What is a Snow Guard?

By now many of you have read or heard through the grapevine that I have retired from the solar industry. To be clear, I have retired from the “solar industry” but am far from retired. My energies will now focus on family, fun, and Alpine SnowGuards. As such, I plan to do a blog series that focuses on snow guards. If any of you have questions along the way, please feel to submit them in the comments, or email me directly at brian@alpinesnowguards.com. Roofing questions are open for discussion.

So, let’s get started….

What is a snow guard?

Back in the year 2000 we defined a snow guard as a device that is mounted to a sloped roof surface to prevent a potentially damaging single release of snow and ice from that sloped roof (similar to an avalanche of snow on a mountainside). Snow or freezing rain accumulates on a sloped roof surface, and as heat from the building and/or exterior temperatures rise above freezing, a film of water develops between the roof surface and the snow and ice. This water functions like a lubricant, making the roof surface almost frictionless.

Snow guards help prevent damage to:

  • Gutters, vents, lower roofs & mechanicals
  • Windows & skylights
  • Walkways, landscaping, people & vehicles

However, as with all progressive business evolution, the definition has evolved and expanded. A snow guard is a device mounted to a structure which is intended to manage the sudden movement of snow and ice.

Snow guard forms vary depending upon the structural surface upon which snow and ice mitigation is needed. For example, historic devices include snow guards such as our PD10 and PP225 (images below).

 

PD10 Pad-Style Snow Guards in Copper

Goldwyn-Smith Hall at Cornell University, Ithaca, NY

Image from Charles F. Evans Company, Inc., Elmira, NY



PP225 Three-Pipe Height Adjustable Snow Guards in Brass

(Left side of roof: New snow guard installation, brass / Right side of roof: Prior snow guard installation, patinaed)

Benjamin Franklin College at Yale University, New Haven, CT

Image from Titan Roofing, Springfield, MA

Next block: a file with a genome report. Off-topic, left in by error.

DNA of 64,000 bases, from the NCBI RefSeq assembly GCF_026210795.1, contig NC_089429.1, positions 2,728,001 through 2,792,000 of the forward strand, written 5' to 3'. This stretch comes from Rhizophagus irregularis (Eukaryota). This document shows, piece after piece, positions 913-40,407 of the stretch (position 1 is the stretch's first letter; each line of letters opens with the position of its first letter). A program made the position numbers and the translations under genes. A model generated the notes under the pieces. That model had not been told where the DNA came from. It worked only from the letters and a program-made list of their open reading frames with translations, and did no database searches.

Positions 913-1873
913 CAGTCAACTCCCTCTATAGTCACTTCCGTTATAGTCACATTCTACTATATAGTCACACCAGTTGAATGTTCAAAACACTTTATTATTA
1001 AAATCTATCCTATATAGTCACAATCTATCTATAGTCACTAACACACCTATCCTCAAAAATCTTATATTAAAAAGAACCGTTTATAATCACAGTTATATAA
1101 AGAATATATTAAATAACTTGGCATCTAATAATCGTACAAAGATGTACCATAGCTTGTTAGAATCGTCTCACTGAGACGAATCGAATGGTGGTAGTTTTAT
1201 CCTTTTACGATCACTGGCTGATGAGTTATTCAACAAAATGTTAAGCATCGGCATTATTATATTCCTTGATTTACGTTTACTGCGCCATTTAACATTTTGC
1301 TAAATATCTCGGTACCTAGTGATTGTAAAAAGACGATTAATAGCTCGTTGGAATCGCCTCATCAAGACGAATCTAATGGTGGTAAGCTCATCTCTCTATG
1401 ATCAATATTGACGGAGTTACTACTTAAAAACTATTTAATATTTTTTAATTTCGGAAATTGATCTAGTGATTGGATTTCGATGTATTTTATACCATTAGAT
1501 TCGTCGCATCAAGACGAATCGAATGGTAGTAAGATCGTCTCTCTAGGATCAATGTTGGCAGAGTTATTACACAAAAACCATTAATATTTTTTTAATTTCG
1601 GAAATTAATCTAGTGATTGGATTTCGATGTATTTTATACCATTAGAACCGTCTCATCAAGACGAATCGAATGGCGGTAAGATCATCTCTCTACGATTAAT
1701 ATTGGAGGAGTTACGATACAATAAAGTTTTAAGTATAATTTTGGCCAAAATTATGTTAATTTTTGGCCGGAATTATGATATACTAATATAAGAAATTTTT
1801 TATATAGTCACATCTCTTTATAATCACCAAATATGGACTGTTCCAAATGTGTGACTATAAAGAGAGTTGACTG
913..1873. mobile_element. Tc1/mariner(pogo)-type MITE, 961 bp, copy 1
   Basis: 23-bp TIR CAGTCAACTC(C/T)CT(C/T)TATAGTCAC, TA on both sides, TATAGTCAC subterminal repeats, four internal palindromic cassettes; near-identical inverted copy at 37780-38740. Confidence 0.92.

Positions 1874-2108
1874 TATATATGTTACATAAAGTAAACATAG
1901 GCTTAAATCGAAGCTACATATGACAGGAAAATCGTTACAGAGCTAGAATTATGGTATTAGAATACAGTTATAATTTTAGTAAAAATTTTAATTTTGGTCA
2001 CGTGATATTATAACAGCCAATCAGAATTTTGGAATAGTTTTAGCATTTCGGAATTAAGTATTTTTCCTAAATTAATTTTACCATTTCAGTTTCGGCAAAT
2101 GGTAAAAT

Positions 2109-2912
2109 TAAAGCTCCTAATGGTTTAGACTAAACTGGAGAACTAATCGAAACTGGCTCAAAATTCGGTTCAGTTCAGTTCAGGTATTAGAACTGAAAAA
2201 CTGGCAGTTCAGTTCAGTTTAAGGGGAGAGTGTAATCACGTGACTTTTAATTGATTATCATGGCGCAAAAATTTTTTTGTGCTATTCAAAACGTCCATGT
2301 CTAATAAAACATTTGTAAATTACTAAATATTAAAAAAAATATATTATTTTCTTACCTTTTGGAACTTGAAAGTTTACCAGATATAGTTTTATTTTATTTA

As building materials have evolved, so too have snow guard designs, like our P115 and SnowMax systems.

PP115 Pipe-Style Snow Guards in Mill Finish

Camden Yards, Baltimore, MD


SnowMax Fence-Style Snow Retention System

Cleveland County Courthouse, Norman, OK

Image from Valor Systems, Norman, OK


Add in evolving construction materials and processes like solar panels, composite cornices on high rise buildings, synthetic roof shingles (non-porous plastics), evoking building codes intended to minimize shading on city streets but are in actuality creating ice accretion surfaces. Solar SnowMax and the new for 2019 Alpine LedgeGuard were both designed with a specific purpose in mind – managing snow.

 

Solar SnowMax-R2 with Black Color Insert Strip

Image from NRG Home Solar, Long Island, NY


Alpine LedgeGuard – Engineered to mitigate falling ice and snow from ledges, cornices, parapets. sloped walls and more

 


Generally speaking, a snow guard or snow and ice retention system is designed to add friction to an otherwise frictionless surface (friction will change as temperatures, mass, and added “melt” interact with the structural surface.)

There are a variety of shapes, styles and materials used to accomplish the end goal of adding friction. In my experience, most snow retention devices will accomplish the “expected results” if used properly. The key is understanding and managing customer expectations when selling and installing snow management systems.

-Brian Stearns

President & Founder, Alpine SnowGuards 

 

We keep snow in its place

www.alpinesnowguards.com

info@alpinesnowguards.com

888.766.4273

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Alpine SnowGuards designs, engineers, and manufactures snow management systems from our facilities in Morrisville, VT. We work closely with leading roofing contractors, engineering firms, developers, and roofing manufacturers to ensure we deliver quality products that do what we say they’ll do. Alpine SnowGuards can help a building qualify for LEED® credits.

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